Asian Crisis
The financial crisis that erupted in Asia in mid-1997 has led to sharp declines
in the currencies, stock markets, and other asset prices of a number of Asian
countries. It is hard to understand what these declines will actually do to the
world market. This decline is expected to halve the rate of world growth in 1998
from the four percent that was projected pre-crisis to an estimated outcome of
about 2 percent. The countries that are included in the East Asian crisis, known
as "Tiger" economies, are Hong Kong, Indonesia, South Korea, Malaysia,
the Philippines, Singapore, Taiwan and Thailand. For these countries to
participate effectively in the exchange of goods, services, and assets, an
international monetary system is needed to facilitate economic transactions. To
be effective in facilitating movement in goods, services, and assets, a monetary
system most importantly requires an efficient balance of payments adjustment
mechanism so that deficits and surpluses are not prolonged but are eliminated
with relative ease in a reasonably short time period. The Asian crisis of recent
falls into this category of inefficient balance of payments facilitated by
depreciation of its currency. By competitively depreciating its currencies, Asia
is exporting its deflation, its overcapacity and its lack of growth to the West,
particularly to the US. History The past ten or fifteen years have seen an
unprecedented expansion in the extent to which the countries of the world are
tied together, both by instant communication and by international trade,
institutions, and markets, including financial markets. On the whole, this
process of globalization has been an enormously positive development. It has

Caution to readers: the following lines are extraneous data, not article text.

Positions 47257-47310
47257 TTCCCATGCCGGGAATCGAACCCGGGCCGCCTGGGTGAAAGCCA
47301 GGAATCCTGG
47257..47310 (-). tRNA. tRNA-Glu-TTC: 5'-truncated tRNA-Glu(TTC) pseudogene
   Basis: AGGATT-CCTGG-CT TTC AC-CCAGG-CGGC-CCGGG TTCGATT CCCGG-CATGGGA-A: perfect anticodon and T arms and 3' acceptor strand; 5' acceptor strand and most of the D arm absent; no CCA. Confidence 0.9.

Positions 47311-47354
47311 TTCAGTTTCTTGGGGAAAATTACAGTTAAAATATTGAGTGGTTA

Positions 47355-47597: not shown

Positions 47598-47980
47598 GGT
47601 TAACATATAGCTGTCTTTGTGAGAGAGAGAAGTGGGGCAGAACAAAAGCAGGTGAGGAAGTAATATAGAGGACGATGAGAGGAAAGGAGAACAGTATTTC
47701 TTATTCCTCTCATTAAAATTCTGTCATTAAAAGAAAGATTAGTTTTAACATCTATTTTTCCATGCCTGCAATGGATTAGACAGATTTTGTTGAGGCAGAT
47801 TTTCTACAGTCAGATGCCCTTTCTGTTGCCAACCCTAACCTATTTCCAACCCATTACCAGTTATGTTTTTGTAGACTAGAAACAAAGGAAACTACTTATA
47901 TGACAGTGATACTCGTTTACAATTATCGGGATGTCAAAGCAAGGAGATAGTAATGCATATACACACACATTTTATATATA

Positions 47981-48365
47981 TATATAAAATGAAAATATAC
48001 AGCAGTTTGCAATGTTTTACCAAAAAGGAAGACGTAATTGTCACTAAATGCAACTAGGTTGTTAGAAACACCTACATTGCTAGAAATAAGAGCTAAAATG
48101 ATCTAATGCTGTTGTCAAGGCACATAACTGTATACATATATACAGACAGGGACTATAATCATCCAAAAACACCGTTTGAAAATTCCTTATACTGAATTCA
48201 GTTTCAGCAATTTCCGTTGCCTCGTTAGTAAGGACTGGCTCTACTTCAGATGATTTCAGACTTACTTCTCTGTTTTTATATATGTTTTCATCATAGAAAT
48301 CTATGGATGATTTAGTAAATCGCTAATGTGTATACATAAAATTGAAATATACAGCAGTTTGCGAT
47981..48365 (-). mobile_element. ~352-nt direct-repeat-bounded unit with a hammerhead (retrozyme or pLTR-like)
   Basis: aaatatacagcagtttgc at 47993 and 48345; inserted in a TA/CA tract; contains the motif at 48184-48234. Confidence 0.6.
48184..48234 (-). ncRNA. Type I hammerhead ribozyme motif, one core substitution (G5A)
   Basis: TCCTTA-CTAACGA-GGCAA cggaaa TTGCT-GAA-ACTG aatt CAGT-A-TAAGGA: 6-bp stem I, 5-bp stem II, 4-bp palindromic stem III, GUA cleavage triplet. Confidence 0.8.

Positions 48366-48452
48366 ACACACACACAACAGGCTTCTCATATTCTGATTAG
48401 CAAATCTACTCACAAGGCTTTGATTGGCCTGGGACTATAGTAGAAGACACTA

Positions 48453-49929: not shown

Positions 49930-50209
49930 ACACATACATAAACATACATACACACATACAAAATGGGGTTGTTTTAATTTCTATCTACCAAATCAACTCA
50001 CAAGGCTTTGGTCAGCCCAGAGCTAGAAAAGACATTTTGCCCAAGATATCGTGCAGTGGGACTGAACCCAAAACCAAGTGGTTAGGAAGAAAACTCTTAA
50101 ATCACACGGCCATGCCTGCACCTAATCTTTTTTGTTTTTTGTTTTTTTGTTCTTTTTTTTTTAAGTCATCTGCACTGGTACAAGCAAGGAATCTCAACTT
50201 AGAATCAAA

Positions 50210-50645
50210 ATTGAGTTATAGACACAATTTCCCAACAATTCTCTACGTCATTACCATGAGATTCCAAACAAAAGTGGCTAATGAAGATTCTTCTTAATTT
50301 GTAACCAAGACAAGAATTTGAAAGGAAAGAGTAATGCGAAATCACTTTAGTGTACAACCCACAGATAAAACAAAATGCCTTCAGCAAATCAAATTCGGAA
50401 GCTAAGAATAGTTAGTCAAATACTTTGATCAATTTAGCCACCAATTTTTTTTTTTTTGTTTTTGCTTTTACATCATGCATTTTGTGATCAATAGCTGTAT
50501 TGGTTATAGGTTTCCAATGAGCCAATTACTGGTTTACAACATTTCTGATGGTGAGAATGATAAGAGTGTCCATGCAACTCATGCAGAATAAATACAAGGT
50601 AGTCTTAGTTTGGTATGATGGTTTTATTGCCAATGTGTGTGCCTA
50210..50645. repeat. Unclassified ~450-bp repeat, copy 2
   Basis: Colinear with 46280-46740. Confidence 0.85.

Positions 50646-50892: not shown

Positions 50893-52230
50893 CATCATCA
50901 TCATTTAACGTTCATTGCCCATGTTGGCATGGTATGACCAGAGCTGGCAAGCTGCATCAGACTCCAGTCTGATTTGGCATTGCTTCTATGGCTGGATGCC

opened new markets, enhanced competition, spurred innovation, and provided new
opportunities for workers, farmers, and businesses around the world. For example
more than 40 percent of US exports today are absorbed by developing countries,
an extraordinary increase over past export patterns, and the jobs associated
with these exports are high-paying, good jobs. The increasing productivity of
our trading partners has helped keep inflation down and improve standards of
living in the United States. And outside the US, probably hundreds of millions
of people have been lifted out of poverty around the world by the economic
growth and trade over the past twenty or thirty years. Effects of the Global

Economy In this new global economy, countries are more tightly linked than ever
before to each other\'s fates. A decade ago, a collapse in the currency of a
small, distant country like Thailand would barely have rated a mention in the
typical American newspaper. Last year, however, that currency crash triggered a
crisis in other East Asian countries that has dominated news coverage in a way
that no other foreign financial crisis has ever done before in this country. The
reason for the change is that we now have more at stake than ever before in the
economic performance of these countries. Not only are they major customers for
our products; the rich countries and developing countries are also increasingly
linked by financial ties. In 1996, the developed countries including the US
invested more than 250 billion in emerging markets, and this is compared to
roughly 20 billion ten years earlier. Much of this money was from banks
(especially in Japan and Europe), although US mutual funds, pension funds, and
individual investors also participated. But whatever its source, the extent of
this investment means that economic turmoil in East Asia has a direct financial
impact on the developed world\'s capital markets, including our own. Indeed, a
brief plunge in US stocks last October was widely attributed to turmoil in the

Hong Kong stock market that was, in turn, linked to the crisis set off by

Thailand\'s currency crash. What were the causes? Throughout the East Asian
crisis many different ideas have been proposed to what the cause or causes were.

Attempts to identify the fundamental causes of a financial crisis always suffer
from the problem of distinguishing insight from hindsight. Many financial
journalists today have said the the crisis was the inevitable counsquence of:
"overvalued exchange rates, large current account deficits, short-term
capital inflows, opaque financial systems, or one of several other supposedly
fatal flaws in East Asian capitalism." It seems fair to say that a year ago
nobody suspected that a calamity like what we have seen was possible, although
all of the characteristics that are now described as the fatal flaws of the East

Asian economies were reasonably widely understood even then, at least by
experts.